FOR SELECT BOARD: Alexa Singer

Years in Marblehead: 22
Occupation/education: Chief pilot and tenured professor
Appointed positions and/or elected offices: Select Board (Board of Selectmen on the ballot)

What are three reasons/issues as to why you’re running for election?
I am deeply committed to giving back to my community. Sustainability planning is at the top of my agenda, and I look forward to continuing my work on the town’s Climate Action Plan. I am also focused on improving our infrastructure and ensuring Marblehead’s long-term fiscal health.

Strengthening the relationship between citizens and town government—through the excellent delivery of services and effective communication—is vital and something I will continue to work on.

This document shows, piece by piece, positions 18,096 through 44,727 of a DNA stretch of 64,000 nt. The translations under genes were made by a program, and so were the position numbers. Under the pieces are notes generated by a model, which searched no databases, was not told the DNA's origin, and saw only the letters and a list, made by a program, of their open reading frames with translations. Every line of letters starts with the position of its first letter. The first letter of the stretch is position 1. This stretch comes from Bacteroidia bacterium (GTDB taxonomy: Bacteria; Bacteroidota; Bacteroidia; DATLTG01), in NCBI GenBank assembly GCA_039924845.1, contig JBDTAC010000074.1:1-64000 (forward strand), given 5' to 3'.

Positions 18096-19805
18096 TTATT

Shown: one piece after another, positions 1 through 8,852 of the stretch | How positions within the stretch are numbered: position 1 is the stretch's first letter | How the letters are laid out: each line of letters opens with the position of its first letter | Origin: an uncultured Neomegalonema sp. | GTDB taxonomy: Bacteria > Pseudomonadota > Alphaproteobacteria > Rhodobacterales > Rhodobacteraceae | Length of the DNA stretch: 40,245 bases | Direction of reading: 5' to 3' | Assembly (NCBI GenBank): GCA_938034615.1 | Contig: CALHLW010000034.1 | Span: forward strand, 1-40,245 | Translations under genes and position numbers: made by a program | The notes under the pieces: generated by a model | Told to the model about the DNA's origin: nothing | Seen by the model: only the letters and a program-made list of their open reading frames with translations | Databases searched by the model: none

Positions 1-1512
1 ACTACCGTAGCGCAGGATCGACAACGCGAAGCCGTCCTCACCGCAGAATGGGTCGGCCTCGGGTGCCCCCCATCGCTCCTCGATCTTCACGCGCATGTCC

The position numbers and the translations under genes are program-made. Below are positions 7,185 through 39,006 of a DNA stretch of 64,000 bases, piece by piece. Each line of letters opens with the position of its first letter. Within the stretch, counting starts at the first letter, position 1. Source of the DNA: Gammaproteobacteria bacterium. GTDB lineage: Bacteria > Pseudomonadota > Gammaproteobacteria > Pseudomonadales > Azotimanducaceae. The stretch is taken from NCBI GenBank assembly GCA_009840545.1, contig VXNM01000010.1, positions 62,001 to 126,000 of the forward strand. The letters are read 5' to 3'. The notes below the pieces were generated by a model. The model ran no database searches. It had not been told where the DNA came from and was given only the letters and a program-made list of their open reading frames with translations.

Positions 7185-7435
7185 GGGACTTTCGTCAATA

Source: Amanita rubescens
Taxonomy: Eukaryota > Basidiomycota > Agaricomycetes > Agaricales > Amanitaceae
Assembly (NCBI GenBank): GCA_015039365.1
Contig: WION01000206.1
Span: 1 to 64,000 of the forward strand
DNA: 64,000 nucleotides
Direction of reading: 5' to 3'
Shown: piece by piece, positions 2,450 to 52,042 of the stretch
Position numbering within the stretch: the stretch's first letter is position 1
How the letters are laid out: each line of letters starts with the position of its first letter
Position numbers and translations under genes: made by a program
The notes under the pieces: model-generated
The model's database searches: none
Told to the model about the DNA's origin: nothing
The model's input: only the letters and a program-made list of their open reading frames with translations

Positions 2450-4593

What areas of municipal government do you think the town could give more attention to?
There are several areas of municipal government the town needs to continue focusing on for growth. One is financial planning. I am a vocal advocate for sound fiscal management, especially in the areas of infrastructure, repairs, and replacements. Following recommended best practices for municipal governments and moving forward, relying less on free cash while exercising responsible ways to balance the budget, are critical. This will allow other initiatives to receive he funding necessary for success.

What do you feel will be the biggest issues facing the town in the coronavirus pandemic’s
wake?

It is difficult to predict the real long-term impacts of the current pandemic. One of the biggest issues will likely be weathering the financial storm, which includes inflation, rising energy prices, and supply chain issues. The costs of running a town continue to skyrocket. We need careful and deliberate planning on both sides of the financial ledger. Taking appropriate action and engaging in deliberate and thoughtful planning are key. The Select Board will be faced with making the right choices within these financial constraints.